But without resorting to witches, there are several other means by which fishermen and their relatives try to induce fickle luck to step their way. A small silver coin fixed somewhere among the nets, or a small piece of silver hidden in the boat on the first day of the year in very useful. It seems strange that fishermen should regard it as lucky that mice should nibble at their nets when they are stored away during the winter. Some, indeed, so strongly believe this that they put oats among them to induce the mice, although the result of their nibbling entails their working several weeks to repair the damage. It is also considered lucky to throw a broom or an old shoe after a fisherman on his way to sea; and in strange contradiction of a widely accepted superstition it is very lucky to have salt, thrown after him.

As in other businesses, the first person met by him on his way to sea is a lucky or an unlucky person. If lucky, he deserves, and gets, something handsome out of the catch. If unlucky, the fishermen evidently entertains him a grudge thereafter. It is matter for regret that among a few it is believed to be particularly lucky to go to sea very drunk on a certain day during the fishing —the drunken crew believing that the bigger the spree the bigger the catch.

But just as there are a great number of things which fishermen do to secure them luck, there are nearly as many things which he must be careful not to do if he would retain that luck.

He must not start for the first time with a new boat on a Friday. When at sea he must be careful, if he belongs to the Banffshire coast, not to speak of salmon. If he does, he can retain his luck only by shouting “cold iron” at once. Caithness fishermen, who attribute no superstitious importance to this fish, delight to tease Banffshire men, by shouting to them some such expression, “There’s a salmon in your pump.”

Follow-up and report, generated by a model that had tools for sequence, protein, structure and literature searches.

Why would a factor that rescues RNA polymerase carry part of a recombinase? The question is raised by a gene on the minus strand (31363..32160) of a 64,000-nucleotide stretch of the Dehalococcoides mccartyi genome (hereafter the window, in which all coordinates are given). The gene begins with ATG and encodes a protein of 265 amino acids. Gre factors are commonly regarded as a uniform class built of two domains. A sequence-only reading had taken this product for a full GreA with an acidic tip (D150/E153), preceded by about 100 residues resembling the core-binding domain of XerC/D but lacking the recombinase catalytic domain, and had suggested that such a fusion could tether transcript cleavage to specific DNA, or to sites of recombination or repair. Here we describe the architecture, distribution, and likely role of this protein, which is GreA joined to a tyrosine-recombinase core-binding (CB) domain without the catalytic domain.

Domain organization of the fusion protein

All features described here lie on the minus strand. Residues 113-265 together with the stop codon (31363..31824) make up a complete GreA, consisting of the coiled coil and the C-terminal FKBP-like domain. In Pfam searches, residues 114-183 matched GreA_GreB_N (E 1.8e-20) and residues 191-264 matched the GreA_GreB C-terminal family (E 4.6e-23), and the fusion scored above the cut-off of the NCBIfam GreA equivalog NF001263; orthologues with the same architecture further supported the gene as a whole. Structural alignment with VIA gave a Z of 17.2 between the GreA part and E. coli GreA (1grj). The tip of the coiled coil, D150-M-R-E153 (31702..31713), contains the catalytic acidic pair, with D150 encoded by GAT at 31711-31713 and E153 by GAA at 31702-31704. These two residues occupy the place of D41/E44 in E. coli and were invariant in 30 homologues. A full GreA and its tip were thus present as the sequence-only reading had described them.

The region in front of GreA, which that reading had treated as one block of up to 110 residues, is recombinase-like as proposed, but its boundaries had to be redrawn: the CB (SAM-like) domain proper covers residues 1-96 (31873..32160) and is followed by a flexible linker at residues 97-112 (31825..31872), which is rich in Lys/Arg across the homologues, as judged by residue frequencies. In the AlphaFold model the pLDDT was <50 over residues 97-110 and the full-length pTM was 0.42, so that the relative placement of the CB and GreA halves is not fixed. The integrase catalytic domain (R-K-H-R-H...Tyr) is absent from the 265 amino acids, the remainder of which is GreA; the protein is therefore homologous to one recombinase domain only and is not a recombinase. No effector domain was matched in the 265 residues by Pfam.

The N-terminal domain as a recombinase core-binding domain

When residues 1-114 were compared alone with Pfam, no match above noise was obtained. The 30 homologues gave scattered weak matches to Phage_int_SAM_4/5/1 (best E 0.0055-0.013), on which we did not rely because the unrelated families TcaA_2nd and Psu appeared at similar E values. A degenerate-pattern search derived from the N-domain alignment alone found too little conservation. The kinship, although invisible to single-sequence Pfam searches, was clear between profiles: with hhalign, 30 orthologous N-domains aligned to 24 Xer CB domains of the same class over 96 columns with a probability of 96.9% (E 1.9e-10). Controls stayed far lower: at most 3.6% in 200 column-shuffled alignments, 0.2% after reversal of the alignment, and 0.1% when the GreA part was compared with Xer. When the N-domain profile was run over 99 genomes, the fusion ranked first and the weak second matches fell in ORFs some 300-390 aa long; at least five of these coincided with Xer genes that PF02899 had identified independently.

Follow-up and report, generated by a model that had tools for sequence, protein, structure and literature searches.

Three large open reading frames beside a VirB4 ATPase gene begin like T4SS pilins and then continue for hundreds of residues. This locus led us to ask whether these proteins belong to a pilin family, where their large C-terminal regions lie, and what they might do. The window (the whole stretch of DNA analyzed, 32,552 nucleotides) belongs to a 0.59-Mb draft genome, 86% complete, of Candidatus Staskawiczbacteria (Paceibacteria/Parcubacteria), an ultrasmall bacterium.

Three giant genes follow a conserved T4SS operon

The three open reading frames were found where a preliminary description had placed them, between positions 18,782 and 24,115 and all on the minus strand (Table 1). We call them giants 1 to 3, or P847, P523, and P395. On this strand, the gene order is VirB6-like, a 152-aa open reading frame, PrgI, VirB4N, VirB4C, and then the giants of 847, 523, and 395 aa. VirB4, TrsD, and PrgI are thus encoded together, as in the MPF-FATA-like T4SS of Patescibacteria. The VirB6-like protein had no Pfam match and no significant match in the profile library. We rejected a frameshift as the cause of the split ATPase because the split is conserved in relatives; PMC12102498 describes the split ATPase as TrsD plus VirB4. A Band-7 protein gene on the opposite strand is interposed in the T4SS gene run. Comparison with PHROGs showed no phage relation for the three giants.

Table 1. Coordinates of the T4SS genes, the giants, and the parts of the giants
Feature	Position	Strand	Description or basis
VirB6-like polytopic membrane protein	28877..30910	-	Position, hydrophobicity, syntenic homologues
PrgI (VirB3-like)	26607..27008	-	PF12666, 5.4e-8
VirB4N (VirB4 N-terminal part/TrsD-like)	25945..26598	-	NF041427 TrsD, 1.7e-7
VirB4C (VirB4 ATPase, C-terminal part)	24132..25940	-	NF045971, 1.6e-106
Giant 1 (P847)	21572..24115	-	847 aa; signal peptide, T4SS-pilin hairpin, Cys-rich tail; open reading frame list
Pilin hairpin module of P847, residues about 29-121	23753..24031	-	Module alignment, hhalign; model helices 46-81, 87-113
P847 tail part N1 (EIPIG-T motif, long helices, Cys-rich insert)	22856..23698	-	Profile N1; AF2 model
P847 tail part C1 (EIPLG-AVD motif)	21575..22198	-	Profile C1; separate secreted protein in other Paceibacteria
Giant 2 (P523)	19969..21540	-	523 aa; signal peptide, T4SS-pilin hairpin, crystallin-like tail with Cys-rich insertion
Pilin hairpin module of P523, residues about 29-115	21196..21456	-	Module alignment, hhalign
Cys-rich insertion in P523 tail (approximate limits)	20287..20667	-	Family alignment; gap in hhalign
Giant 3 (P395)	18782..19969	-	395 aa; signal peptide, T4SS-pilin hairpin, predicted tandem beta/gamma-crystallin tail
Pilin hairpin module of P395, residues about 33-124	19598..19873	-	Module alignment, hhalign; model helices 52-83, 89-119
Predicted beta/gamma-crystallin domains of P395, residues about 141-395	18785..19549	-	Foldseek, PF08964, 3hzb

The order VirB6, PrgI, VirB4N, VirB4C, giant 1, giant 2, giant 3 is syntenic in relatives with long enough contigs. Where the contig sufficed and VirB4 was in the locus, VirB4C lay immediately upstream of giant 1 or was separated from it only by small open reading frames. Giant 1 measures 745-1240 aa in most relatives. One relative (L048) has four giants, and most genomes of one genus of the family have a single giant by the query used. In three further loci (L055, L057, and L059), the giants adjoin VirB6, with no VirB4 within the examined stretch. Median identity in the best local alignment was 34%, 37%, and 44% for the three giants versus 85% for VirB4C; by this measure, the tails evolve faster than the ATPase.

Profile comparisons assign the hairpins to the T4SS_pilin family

It is commonly believed to be all that a boat’s luck is worth to give anything away out of a boat at sea. Suppose a crew runs short of water they will get a drink from another crew quite readily, but not a drop to carry away, let water be ever so plentiful with the givers. If a fisherman suspects that his fishing goes to some one else, and when none of his devices bring him back his

luck, and when casting his nets from either side of his boat is of no avail, he is quite sure of this; he then takes a mouthful of water from a running stream under a bridge, “where the living and dead pass” (the latter on their way to burial) and sprinkles it over his nets. If this should happen to bring back his luck he must be particularly careful not to give it away by lending anything out of the boats or even by giving a “fry” out of his earlier catches. He must also be particular not to speak of any four-footed animal, particularly a hare, while at sea. If he does, he must touch some cold iron, which is by preference the horse shoe, which is sometimes nailed inside the stem of the boat, and which would nearly always be there if it were not for youthful scoffers, and but for the fact that a small piece of mountain ash nailed in the same place is equally efficacious in keeping off the adverse witches. And who can doubt this?